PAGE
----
The question is whether those facts alone would lead the court to find the necessary premeditation. The problem with the facts in the end is that the knife was there, but the court still has some doubt as to whether the knife was there as a potentially threatening instrument that could cause grievous bodily harm, as opposed to an instrument that was being carried directly for the purpose of killing somebody. Accordingly, the court does conclude with regard to the first theory, that is the specific premeditated murder, that the State has not carried its burden of proof beyond a reasonable doubt, and would not be inclined to find on that theory that there was murder in the first degree.

The trial judge then considered the State's second contention:

We turn, however, to the State's alternative theory, and that is that the Defendant was lying in wait. * * * * * * The question is whether the watching, waiting and concealment would suffice, together with an intent to do grievous bodily harm, to lift this to the level of first degree.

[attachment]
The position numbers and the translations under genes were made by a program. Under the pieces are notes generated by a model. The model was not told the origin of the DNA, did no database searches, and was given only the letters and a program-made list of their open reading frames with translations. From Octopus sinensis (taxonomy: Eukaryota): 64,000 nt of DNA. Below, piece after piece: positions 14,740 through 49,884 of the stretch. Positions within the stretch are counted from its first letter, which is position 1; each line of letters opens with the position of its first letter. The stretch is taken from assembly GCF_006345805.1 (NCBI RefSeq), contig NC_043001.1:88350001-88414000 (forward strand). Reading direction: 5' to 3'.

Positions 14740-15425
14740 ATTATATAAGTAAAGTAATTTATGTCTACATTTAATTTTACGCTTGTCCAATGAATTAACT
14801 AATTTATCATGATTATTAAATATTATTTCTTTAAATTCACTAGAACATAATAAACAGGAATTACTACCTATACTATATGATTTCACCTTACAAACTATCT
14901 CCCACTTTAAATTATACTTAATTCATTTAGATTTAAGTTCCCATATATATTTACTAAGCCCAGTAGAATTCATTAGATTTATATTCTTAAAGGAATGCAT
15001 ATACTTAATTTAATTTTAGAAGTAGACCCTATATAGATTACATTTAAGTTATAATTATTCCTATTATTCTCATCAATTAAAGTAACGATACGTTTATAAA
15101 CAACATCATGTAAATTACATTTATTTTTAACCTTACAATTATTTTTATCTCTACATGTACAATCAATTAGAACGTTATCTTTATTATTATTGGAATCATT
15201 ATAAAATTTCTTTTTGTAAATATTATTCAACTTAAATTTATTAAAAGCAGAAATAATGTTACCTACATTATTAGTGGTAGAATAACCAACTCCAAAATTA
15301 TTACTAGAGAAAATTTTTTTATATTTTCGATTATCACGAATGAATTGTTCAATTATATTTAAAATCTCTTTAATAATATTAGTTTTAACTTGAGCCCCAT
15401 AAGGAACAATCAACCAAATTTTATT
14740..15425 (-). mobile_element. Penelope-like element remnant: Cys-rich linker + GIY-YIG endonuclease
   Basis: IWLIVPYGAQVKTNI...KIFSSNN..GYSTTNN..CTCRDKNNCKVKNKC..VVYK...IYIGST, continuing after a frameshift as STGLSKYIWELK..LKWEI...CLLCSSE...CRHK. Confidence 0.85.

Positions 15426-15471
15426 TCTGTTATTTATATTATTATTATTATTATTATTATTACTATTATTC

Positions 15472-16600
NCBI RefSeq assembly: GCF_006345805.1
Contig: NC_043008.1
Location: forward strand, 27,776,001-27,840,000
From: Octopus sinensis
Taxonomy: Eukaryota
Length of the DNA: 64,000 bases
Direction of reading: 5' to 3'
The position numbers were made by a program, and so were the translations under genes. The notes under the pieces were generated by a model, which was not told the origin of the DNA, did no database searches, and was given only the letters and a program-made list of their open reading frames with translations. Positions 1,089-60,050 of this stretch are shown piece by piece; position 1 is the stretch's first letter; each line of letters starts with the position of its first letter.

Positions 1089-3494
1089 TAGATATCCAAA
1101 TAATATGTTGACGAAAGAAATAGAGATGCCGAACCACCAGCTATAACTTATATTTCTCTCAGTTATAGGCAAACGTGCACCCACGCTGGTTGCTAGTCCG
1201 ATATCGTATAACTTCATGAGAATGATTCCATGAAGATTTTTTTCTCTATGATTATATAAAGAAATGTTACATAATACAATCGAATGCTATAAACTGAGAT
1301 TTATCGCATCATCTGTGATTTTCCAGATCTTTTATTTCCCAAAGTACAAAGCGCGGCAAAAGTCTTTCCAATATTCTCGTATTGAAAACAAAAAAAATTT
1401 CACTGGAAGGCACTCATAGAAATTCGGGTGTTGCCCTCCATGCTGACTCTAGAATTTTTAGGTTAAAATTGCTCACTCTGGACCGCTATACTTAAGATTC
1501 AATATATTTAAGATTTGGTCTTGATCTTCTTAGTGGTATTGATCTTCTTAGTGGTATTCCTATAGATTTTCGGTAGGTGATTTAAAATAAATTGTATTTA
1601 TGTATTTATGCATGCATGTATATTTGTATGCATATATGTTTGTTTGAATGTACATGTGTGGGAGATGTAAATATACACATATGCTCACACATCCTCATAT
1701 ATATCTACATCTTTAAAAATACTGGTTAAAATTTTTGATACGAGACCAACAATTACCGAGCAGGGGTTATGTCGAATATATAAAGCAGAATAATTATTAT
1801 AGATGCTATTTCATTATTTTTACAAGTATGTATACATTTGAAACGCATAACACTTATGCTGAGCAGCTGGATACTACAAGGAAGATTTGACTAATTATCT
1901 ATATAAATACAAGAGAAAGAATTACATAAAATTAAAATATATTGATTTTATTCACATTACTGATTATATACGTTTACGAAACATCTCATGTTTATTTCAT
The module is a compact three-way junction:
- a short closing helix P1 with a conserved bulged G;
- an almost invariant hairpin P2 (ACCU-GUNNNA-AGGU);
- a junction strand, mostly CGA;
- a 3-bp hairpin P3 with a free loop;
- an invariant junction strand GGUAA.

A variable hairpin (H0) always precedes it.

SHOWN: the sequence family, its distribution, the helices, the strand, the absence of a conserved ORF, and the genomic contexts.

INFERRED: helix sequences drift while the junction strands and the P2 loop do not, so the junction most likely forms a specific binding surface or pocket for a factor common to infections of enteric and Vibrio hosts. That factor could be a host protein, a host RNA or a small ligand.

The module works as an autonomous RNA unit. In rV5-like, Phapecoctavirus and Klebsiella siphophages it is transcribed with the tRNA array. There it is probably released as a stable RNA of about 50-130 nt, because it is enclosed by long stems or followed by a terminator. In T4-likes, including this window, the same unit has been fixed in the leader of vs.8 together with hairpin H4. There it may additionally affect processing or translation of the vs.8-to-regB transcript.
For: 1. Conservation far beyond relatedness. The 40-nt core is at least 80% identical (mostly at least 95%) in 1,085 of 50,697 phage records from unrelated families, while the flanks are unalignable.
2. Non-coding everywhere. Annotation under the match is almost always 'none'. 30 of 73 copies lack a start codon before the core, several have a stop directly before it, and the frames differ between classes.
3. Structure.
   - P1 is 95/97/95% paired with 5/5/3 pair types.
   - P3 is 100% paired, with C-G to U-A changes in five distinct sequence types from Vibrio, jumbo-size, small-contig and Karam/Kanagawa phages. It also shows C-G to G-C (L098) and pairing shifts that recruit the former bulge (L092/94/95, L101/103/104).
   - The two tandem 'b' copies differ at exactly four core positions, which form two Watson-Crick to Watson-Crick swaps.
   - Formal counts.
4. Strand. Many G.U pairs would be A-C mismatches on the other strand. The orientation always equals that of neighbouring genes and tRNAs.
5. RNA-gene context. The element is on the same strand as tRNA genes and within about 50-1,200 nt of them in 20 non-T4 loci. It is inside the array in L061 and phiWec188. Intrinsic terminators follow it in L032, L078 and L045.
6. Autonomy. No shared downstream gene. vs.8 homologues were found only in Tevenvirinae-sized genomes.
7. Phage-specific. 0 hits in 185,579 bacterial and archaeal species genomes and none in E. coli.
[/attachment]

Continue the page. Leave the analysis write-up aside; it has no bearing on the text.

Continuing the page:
The trial judge concluded:

So the court does accept the State's theory that lying in wait is effectively an alternative to premeditated murder, and that it may be the mere infliction of injury that is in the mind of the assailant if, in fact, there is independent proof of lying in wait. The court finds, as I stated earlier, that there is independent proof of concealment, and watchful waiting in this case. There was clearly an intent to do grievous bodily harm; witness the knife, the terrible knife. The court, therefore, finds that the State has carried its burden of proof of attempted murder in the first degree with regard to Count 1.

Although there was apparently some confusion in the trial judge's mind between the concept of premeditation that would affect the degree of attempted murder and the specific nature of the underlying intent, i.e., whether it was to kill or to inflict grievous bodily harm, we think it clear that the trial judge entertained a reasonable doubt as to the existence of a specific intent to kill, and entered his finding based upon the argument of the prosecutor that only an intent to commit grievous bodily harm was required.